Oncology

Iron deficiency is a frequent complication associated with cancer. In a single-centre study of 1,528 patients, more than 40% had iron deficiency, defined as a transferrin saturation [TSAT] level of <20%. Of these patients, 82% had functional iron deficiency (TSAT <20%, ferritin ≥30 ng/mL) and 18% had absolute iron deficiency (TSAT <20%, ferritin <30 ng/mL).1 Patients with pancreatic cancer, colorectal cancer and lung cancer showed the highest rates of iron deficiency.1

Multiple factors contribute to the development of iron deficiency in cancer patients, depending on the type of cancer and the treatment that the patient receives. These factors include:

  • Reduced intake of dietary iron: Patients with gastrointestinal or colorectal cancer may not be able to eat a diet high in iron or in general, due to disease or treatment-related anorexia.2
  • Chronic bleeding: Gastrointestinal or colorectal cancer can cause internal bleeding,2 and some gynaecological cancers such as ovarian or cervical cancer, can also lead to greater than normal blood loss.
  • Chronic inflammation: Chronic inflammation is a major cause of iron deficiency in patients with cancer.2 Inflammatory cytokines stimulate the release of hepcidin that inhibits the release of iron from iron stores, which can result in functional iron deficiency in the short term. Absorption of iron from the intestine is also blocked by hepcidin, preventing iron stores from being replenished and leading to absolute iron deficiency over the longer term.3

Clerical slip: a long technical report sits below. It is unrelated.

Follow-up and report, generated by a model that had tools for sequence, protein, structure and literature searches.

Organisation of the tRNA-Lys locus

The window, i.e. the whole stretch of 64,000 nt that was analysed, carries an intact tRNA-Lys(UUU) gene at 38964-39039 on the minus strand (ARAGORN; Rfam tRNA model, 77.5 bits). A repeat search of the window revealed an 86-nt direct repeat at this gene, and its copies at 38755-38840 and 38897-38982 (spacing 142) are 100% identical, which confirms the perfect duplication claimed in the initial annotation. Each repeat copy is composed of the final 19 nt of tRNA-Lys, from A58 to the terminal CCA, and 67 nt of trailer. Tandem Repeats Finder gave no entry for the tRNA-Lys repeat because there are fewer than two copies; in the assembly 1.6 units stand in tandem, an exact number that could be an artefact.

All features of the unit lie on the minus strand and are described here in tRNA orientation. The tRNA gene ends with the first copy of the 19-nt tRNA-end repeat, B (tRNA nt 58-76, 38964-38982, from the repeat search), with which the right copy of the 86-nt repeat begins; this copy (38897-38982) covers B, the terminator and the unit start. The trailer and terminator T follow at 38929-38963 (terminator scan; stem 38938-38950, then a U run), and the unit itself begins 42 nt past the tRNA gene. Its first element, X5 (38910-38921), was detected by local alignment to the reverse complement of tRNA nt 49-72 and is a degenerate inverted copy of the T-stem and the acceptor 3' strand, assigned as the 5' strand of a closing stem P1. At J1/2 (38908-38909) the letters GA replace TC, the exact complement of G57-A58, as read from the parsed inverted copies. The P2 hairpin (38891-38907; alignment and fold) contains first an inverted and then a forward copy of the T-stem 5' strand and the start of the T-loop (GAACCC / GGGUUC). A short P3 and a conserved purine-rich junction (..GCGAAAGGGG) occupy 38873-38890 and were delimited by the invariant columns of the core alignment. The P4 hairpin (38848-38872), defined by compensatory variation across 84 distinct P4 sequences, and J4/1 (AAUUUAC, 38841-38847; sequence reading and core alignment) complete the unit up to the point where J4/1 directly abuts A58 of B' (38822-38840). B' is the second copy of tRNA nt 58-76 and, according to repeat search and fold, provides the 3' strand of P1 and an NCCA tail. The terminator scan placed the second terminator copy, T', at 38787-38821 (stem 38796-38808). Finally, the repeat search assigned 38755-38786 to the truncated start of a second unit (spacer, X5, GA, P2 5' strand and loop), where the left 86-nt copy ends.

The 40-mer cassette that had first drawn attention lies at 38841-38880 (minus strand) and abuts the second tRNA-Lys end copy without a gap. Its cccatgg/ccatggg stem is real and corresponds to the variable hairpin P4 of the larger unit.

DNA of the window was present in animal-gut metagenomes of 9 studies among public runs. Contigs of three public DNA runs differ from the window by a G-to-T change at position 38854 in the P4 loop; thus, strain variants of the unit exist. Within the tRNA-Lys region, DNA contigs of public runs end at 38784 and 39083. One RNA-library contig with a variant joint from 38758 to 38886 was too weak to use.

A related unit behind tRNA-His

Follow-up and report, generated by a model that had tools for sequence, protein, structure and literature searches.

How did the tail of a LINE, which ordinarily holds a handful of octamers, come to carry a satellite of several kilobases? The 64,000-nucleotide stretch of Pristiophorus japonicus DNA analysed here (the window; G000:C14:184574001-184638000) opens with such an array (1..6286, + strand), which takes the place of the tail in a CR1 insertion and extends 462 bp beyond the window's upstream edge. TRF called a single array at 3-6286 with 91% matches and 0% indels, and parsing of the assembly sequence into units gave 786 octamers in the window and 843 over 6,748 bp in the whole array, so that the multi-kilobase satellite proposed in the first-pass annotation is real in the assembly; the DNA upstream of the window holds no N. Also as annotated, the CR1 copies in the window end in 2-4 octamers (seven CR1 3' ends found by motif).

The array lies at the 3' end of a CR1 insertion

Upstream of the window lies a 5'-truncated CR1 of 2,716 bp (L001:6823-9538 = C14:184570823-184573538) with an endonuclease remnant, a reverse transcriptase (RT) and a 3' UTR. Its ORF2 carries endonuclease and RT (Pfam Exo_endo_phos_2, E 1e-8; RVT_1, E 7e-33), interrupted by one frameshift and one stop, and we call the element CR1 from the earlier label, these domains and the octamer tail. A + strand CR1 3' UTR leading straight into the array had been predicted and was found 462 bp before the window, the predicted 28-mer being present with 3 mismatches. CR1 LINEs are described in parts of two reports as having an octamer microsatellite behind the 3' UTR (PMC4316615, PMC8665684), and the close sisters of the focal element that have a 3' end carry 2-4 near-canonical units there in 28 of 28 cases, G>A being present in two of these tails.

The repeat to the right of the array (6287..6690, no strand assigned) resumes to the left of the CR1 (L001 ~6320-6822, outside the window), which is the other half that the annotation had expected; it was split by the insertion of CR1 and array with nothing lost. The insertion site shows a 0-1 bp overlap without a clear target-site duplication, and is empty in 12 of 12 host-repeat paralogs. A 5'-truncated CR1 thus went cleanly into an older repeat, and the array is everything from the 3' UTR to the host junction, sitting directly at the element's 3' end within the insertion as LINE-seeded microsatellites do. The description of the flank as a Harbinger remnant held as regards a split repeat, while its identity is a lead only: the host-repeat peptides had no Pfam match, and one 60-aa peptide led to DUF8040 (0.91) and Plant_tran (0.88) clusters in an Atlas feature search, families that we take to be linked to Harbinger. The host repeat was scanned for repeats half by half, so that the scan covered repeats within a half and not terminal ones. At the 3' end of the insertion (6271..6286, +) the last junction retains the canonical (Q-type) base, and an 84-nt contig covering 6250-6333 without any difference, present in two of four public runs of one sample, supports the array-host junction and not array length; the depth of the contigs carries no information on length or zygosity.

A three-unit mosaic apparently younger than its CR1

• Anti-cancer therapy, including chemotherapy: Anti-cancer therapy, including chemotherapy and radiotherapy, is likely to contribute to the pathogenesis of iron deficiency. The incidence of iron deficiency has been shown to be higher in patients who have recently received anti-cancer treatment (i.e. within 12 weeks) compared with those whose last treatment was more than 12 weeks ago (48 vs 36%; p<0.001).1
  • Increased iron requirements during ESA therapy: Patients undergoing myelosuppressive chemotherapy may be given erythropoiesis-stimulating agents (ESAs).4 ESAs reduce the pool of circulating iron by increasing erythropoiesis, and iron supplementation may be required concomitantly.5

Studies in cancer patients with iron deficiency anaemia have found a direct correlation between quality of life and haemoglobin levels in cancer patients receiving chemotherapy.6 Evidence also suggests that treatment of chemotherapy-related iron deficiency anaemia with intravenous iron and ESA therapy significantly increases haemoglobin levels, with resulting increases in energy, activity, and overall quality of life.7,8